The Battle Continues in Missouri: Part 1
We have been closely following the ongoing dialogue in Missouri, a state where Take Back Our Republic has capitalized on the interest in reform to take multiple trips to organize for reform.
In the Show Me State, there has been an ongoing battle between a coalition of Republican and Democrat lawmakers and the governor, who is hoping to use his 501c4, A New Missouri, Inc., to push for his agenda.
Governor Greitens, elected in November and showing the potential of a rising star, is certainly touching on a significant number of conservative arguments. The new governor has talked about the need to protect First Amendment rights as well as preventing political retribution for campaign contributions. He believes that the unlimited and undisclosed nature of 501c4 contributions is the best avenue, and he has continued to articulate that position recently as the controversy continues to play a major role in state politics.
“The people who believe in voter intimidation believe that the minute you make a political donation, that you immediately need to turn all your information over to the government,” Greitens said. “You need to turn over your home address and your contact information, so that the government can turn around and publish that. We believe in the First Amendment. We’ve always supported people’s right to do this. When people go in and they vote, nobody calls that dark voting.”
Greitens has blamed the “liberal media and career politicians” for opposing his dark money efforts.
However, while Greitens’ argument may sound good, the logic is not exactly sound. As noted in the Kansas City Star, Democrat operative Chuck Hatfield articulates that politicians don’t know who votes for who, and there is clear equality in one person, one vote. At the foundation of Take Back Our Republic’s mission is the fact that we believe that politicians can be influenced and that influence can easily be concentrated in the hands of the wealthy, especially when donations are unlimited. At the very least, the public should be made aware of the potential influence being “purchased.”
Moreover, these statements contradict Greitens’ campaign promises. “What I’ve found is that the most important thing is transparency around the money,” Greitens told St. Louis Public Radio last year. He later added: “I’ve been very proud to tell people, ‘I’m stepping forward and you can see every single one of our donors, because we are proud of our donors and we are proud of the campaign we are running.’”
Now, it is important to note that the 501c4 is not legally tied to Greitens. In fact, tomorrow, it could begin running ads blasting the governor. However, the Kansas City Star notes the number of ties to his office:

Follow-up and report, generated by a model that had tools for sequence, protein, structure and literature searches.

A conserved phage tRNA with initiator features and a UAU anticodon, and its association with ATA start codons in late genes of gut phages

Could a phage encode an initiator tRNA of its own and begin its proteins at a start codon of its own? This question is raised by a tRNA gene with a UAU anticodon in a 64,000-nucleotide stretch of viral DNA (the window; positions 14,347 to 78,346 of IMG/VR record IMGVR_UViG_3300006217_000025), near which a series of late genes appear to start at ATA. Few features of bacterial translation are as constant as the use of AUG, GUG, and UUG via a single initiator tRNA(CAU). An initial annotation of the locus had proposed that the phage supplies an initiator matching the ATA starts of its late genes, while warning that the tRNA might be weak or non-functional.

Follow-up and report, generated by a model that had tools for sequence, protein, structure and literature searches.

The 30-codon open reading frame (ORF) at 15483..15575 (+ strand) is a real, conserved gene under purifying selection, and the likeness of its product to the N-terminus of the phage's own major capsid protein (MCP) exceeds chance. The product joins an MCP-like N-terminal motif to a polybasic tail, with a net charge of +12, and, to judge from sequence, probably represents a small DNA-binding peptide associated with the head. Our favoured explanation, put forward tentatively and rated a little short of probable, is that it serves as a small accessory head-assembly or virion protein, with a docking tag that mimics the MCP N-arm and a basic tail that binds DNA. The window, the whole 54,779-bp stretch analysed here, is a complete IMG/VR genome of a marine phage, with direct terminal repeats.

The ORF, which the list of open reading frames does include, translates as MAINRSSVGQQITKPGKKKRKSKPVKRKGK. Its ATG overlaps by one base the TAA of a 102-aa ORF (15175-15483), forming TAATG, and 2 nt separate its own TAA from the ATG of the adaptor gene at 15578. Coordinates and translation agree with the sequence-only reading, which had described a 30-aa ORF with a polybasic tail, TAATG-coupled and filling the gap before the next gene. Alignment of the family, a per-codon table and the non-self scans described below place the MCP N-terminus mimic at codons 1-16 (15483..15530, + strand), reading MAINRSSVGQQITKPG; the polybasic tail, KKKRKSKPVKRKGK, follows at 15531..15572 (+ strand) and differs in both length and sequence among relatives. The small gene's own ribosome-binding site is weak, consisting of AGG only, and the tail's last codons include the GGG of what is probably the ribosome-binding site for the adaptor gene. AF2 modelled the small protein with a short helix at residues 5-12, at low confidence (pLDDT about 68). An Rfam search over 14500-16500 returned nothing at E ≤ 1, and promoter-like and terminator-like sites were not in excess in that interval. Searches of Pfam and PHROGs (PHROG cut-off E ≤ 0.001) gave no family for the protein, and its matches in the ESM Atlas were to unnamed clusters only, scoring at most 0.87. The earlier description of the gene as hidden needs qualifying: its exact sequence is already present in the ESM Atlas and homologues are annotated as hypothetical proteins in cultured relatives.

“A New Missouri Inc. was founded in February by Greitens’ campaign treasurer and his attorney. It’s run by Austin Chambers, the governor’s senior adviser, and housed in a building owned by one of the governor’s biggest donors. Over the weekend, A New Missouri launched robocalls featuring the governor’s voice attacking GOP Sen. Doug Libla of Poplar Bluff over his opposition to utility legislation pushed by Greitens aimed at luring a steel mill to southeast Missouri. A New Missouri also paid for buses to transport people to the Capitol on Tuesday for a rally in support of the governor’s proposal. Greitens called the General Assembly back into special session this week to debate the utility bill.”
Let’s be clear, Take Back Our Republic appreciates Governor Greitens both for his campaign promises and for his understanding of the political retribution problem. Additionally, we also have Take Back Action Fund, a 501c4 that can accept unlimited, undisclosed contributions that would allow us to perform certain activities.
However, Take Back Our Republic is not a politician that can be influenced with money. There also have been concerns with the tactics used by A New Missouri, Inc. and the level of connections with the governor’s office. Additionally, the timing has to be concerning. Missourians approved new campaign contribution limits in November, and one has to be concerned about efforts to circumvent the will of the voters.
We are not saying that Governor Greitens should unilaterally “disarm,” and we are not saying he is doing something illegal. However, we do hope that the heart for reform he displayed on the campaign trail, combined with some of the statements he has made, leads him to see there is a better way.
Dark money should never be the primary way campaigns or legislative agendas are funded. Missouri does need reform, and we genuinely hope the opposing lawmakers and governor will come together to make certain to solve problems surrounding political retribution and dark money.